When I was about eight or nine years old, a cruel twist of fate made me miss the opportunity to meet some Olympic swimmers who were the guests of honor at my swim team’s annual banquet. I’m embarrassed to admit that I can’t remember the swimmers’ names, or even what year they competed in the Olympics (’84?), but I can still feel the disappointment I felt that night at having missed my chance.
That memory resurfaced several times for me as I attended the AT&T Winter National Swimming Championships, held at the Lee and Joe Jamail Texas Swimming Center. Having recently rediscovered my love for swimming (after years of being away from the sport), I was looking forward to seeing—in person—some of the nation’s most elite swimmers. This illustrious group included, of course, several familiar faces from the 2012 London Olympic Games: Missy Franklin, Ryan Lochte, and former Longhorn swimmers Kathleen Hersey and Ricky Berens, among others.
On the last night of the meet, sitting behind me in the nosebleed seats was a little girl with her father. Out of the corner of my eye, I watched as the girl craned her neck for a view of Missy Franklin and Katie Ledecky. I laughed as she gave a play-by-play account of each race to her dad. As the evening wore on and the spectators began to thin out, her father turned to her and asked, “Have you had enough inspiration? Or do you need to see some more?”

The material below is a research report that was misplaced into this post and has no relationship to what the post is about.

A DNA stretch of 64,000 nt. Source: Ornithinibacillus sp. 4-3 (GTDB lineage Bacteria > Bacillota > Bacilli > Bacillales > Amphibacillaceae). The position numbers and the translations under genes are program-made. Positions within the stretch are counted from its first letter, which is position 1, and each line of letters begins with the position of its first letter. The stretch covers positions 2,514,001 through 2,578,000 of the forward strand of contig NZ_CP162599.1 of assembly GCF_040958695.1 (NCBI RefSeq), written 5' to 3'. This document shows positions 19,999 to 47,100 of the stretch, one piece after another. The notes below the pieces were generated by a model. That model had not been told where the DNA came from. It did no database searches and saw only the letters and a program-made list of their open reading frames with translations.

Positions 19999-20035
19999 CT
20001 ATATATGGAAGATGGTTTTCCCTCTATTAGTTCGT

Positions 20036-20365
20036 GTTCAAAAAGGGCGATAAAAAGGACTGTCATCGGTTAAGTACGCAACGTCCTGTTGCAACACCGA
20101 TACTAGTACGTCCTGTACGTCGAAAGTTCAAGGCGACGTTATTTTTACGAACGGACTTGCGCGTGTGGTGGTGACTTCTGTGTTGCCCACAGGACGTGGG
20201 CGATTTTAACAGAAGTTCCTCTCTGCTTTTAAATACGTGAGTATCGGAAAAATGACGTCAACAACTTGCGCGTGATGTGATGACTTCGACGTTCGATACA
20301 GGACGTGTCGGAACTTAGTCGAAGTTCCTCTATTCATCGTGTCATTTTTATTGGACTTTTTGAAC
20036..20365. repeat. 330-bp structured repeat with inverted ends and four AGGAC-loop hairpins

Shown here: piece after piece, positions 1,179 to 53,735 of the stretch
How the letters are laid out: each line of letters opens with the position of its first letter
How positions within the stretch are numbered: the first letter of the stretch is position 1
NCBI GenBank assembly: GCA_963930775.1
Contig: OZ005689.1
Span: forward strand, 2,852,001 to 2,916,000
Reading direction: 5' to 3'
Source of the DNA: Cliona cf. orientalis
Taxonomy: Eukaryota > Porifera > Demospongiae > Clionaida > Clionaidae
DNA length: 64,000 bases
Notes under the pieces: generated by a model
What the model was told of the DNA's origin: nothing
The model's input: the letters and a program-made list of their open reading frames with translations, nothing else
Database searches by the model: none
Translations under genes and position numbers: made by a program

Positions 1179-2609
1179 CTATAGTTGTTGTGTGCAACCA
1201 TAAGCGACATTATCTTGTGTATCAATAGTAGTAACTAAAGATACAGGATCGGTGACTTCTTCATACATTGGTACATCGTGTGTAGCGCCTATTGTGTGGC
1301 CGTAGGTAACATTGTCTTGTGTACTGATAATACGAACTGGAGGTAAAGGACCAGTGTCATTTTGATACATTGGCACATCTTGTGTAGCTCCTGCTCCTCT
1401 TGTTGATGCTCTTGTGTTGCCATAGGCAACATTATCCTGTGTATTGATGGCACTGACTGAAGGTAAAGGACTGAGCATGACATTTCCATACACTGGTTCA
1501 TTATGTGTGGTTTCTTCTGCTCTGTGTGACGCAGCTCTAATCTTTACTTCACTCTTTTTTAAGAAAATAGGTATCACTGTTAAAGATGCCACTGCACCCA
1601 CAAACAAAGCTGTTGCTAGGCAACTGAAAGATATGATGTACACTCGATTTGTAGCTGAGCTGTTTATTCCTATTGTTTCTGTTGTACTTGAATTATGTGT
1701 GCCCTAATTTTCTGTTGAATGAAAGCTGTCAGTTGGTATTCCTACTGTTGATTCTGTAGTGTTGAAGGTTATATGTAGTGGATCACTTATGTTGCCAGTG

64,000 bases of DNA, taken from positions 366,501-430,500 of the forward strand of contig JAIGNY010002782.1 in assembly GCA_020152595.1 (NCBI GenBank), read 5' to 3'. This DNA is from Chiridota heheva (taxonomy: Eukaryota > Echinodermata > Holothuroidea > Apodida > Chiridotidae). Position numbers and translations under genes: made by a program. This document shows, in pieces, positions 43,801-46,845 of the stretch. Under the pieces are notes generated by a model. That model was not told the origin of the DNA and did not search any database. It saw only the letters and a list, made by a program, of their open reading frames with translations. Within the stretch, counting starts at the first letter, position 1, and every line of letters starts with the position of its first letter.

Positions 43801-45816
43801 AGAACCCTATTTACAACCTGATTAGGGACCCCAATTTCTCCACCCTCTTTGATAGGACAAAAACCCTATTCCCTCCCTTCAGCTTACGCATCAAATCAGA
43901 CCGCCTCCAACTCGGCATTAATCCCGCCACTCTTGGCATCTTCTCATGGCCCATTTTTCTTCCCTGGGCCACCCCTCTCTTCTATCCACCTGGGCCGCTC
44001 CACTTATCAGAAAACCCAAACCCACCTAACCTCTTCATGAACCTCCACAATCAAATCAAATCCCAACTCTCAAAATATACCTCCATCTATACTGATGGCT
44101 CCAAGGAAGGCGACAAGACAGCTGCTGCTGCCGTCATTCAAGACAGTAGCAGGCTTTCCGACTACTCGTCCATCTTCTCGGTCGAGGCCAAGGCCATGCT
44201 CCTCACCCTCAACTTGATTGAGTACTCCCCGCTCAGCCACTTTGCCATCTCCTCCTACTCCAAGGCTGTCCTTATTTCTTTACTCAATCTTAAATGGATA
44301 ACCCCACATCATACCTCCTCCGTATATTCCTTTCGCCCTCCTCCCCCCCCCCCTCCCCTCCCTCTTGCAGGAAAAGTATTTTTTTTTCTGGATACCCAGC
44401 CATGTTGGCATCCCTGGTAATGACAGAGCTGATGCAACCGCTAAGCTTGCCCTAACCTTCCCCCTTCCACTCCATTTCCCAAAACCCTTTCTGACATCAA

“Just one more race, dad?” she pleaded—again, and again.
There was much about the meet that was impressionable to me—witnessing American records being shattered, cheering for my favorite athletes, and even managing to snag an autograph or two (thank you Nathan Adrian and Ricky Berens! I’ll get you next time, Missy Franklin!)—but watching the enthusiasm of that little girl, and of the dozens of other young swimmers in attendance, is what stood out to me the most.
I wondered how many up-and-coming swimmers would leave the Texas Swim Center that night with renewed enthusiasm to wake up at an ungodly hour the next morning so they could hit the pool. I wondered how many kids who didn’t know how to swim would ask their parents if they could start taking lessons. I wondered how many of these same kids would make their own debut at Winter Nationals in 2022.
How many will shatter American records themselves?
Drive comes from within, but sometimes an event—for example, a once-in-a-lifetime opportunity to see your hero(es) in person—provides just enough inspiration to push you through your self-imposed limits…or at least motivates you to try.
As for this 33-year-old—my alarm is already set for 6 a.m. swim practice.
Courtenay Verret is a freelance writer in Austin. You can follow her swimming adventures on Twitter @Cour10AV